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Smoking Cessation in Relation to Total Mortality Rates in Women: A Prospective Cohort Study

Ichiro Kawachi, MB, ChB; Graham A. Colditz, MB BS; Meir J. Stampfer, MD; Walter C. Willett, MD; JoAnn E. Manson, MD; Bernard Rosner, PhD; David J. Hunter, MB BS; Charles H. Hennekens, MD; and Frank E. Speizer, MD
[+] Article, Author, and Disclosure Information

From Harvard Medical School, Brigham and Women's Hospital, and Harvard School of Public Health, Boston, Massachusetts. Request for Reprints: Ichiro Kawachi, MB ChB, Channing Laboratory, 180 Longwood Avenue, Boston, MA 02115-5899. Acknowledgments: The authors thank the participants in the Nurses' Health Study and Mark Shneyder, Karen Corsano, Gary Chase, Barbara Egan, and Lisa Dunn for data collection and management. Grant Support: By research grants HL 34594 and CA 40356 from the National Institutes of Health. Dr. Kawachi is the recipient of an Overseas Research Fellowship of the Health Research Council of New Zealand. Dr. Colditz is supported by a Faculty Research Award (FRA 398) from the American Cancer Society.

Copyright 2004 by the American College of Physicians

Ann Intern Med. 1993;119(10):992-1000. doi:10.7326/0003-4819-119-10-199311150-00005
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Objective: To examine the temporal relationship between stopping smoking and total mortality rates among middle-aged women.

Design: Prospective cohort study with 12 years of follow-up.

Setting: Registered nurses residing in the United States.

Participants: 117 001 female registered nurses, ages 30 to 55 years, who were free of manifest coronary heart disease, stroke, and cancer (except nonmelanoma skin cancer) in 1976.

Main Outcome Measures: Total mortality, further categorized into deaths from cardiovascular diseases, cancers, and violent deaths.

Results: A total of 2847 deaths (933 among never smokers, 799 among former smokers, and 1115 among current smokers) occurred during 1.37 million person-years of follow-up. The multivariate relative risks for total mortality compared with never smokers were 1.87 (95% CI, 1.65 to 2.13) for current smokers and 1.29 (CI, 1.14 to 1.46) former smokers. Participants who started smoking before the age of 15 years had the highest risks for total mortality (multivariate relative risk, 3.15; CI, 2.16 to 4.59), cardiovascular disease mortality (relative risk, 9.94; CI, 5.15 to 19.19), and deaths from external causes of injury (relative risk, 5.39; CI, 1.84 to 15.78). Compared with continuing smokers, former smokers had a 24% reduction in risk for cardiovascular disease mortality within 2 years of quitting. The excess risks for total mortality and both cardiovascular disease and total cancer mortality among former smokers approached the level of that for never smokers after 10 to 14 years of abstinence. The health benefits of cessation were clearly present regardless of the age at starting and daily number of cigarettes smoked.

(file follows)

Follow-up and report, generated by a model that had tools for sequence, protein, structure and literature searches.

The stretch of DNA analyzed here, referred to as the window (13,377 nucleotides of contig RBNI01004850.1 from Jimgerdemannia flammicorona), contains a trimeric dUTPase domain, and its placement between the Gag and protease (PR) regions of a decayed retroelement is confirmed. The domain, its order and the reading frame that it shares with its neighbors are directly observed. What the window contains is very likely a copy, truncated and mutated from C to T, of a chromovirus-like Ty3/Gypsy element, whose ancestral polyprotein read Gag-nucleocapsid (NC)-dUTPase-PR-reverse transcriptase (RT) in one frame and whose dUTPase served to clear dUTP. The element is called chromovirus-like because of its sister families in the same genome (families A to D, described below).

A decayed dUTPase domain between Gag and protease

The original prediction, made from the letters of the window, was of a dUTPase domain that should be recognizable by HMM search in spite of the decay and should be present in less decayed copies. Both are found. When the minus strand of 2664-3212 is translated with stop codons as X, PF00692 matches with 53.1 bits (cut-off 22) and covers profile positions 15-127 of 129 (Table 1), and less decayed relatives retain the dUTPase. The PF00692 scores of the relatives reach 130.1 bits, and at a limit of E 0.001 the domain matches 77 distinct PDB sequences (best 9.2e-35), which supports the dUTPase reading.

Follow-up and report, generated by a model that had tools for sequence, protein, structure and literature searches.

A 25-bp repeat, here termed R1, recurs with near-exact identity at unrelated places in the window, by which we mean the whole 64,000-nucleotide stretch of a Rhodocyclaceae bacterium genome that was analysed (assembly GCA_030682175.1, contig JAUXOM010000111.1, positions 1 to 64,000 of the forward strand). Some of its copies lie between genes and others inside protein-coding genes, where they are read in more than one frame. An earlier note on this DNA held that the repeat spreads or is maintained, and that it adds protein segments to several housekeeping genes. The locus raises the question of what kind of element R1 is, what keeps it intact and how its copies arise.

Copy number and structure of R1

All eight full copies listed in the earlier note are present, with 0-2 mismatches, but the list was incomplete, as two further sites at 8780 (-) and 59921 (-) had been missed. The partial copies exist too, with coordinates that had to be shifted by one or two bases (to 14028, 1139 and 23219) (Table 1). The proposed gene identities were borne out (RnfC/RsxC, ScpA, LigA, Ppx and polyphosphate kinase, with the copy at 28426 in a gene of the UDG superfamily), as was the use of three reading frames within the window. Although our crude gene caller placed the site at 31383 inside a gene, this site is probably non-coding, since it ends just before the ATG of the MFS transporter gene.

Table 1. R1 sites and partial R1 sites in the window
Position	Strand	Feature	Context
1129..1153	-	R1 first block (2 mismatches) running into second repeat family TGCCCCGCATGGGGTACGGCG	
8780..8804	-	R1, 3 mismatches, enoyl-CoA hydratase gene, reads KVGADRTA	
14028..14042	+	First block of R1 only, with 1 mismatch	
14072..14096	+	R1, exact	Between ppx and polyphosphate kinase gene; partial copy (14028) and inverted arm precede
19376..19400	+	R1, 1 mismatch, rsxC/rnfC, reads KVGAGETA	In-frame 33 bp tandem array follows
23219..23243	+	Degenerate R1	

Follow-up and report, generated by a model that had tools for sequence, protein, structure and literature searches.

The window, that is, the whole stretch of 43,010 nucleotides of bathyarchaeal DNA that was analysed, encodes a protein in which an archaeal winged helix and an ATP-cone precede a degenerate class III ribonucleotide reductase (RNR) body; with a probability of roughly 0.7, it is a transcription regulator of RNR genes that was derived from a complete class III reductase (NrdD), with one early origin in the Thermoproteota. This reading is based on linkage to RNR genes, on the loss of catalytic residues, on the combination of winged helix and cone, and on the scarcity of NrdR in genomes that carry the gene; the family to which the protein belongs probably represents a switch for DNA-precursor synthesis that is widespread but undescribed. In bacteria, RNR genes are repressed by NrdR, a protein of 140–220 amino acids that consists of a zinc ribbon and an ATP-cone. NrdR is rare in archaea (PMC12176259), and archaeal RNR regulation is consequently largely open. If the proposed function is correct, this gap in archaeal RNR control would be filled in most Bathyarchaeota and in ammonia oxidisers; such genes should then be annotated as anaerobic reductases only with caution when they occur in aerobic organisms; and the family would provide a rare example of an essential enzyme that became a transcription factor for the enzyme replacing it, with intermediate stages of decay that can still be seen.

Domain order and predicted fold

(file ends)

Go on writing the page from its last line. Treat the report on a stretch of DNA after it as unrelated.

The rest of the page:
Conclusions: The risk of cigarette smoking on total mortality among former smokers decreases nearly to that of never smokers 10 to 14 years after cessation.


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Figure 1.
Risk of total mortality by time since quitting.

Multivariate relative risk for total mortality by time since quitting (reference category: current smokers). Error bars represent 95% confidence intervals. Nonfatal coronary heart disease, stroke, and cancer (except nonmelanoma skin cancer) were excluded at baseline and at the beginning of each successive 2-year follow-up period. Variables in model include age in 5-year categories, follow-up period (1976 to 1978, 1978 to 1980.1986 to 1988), body mass index, history of hypertension, high cholesterol, diabetes, parental history of myocardial infarction before age 60 years, postmenopausal estrogen therapy, menopausal status, previous use of oral contraceptives, age at starting smoking, and daily number of cigarettes smoked during the period before cessation.

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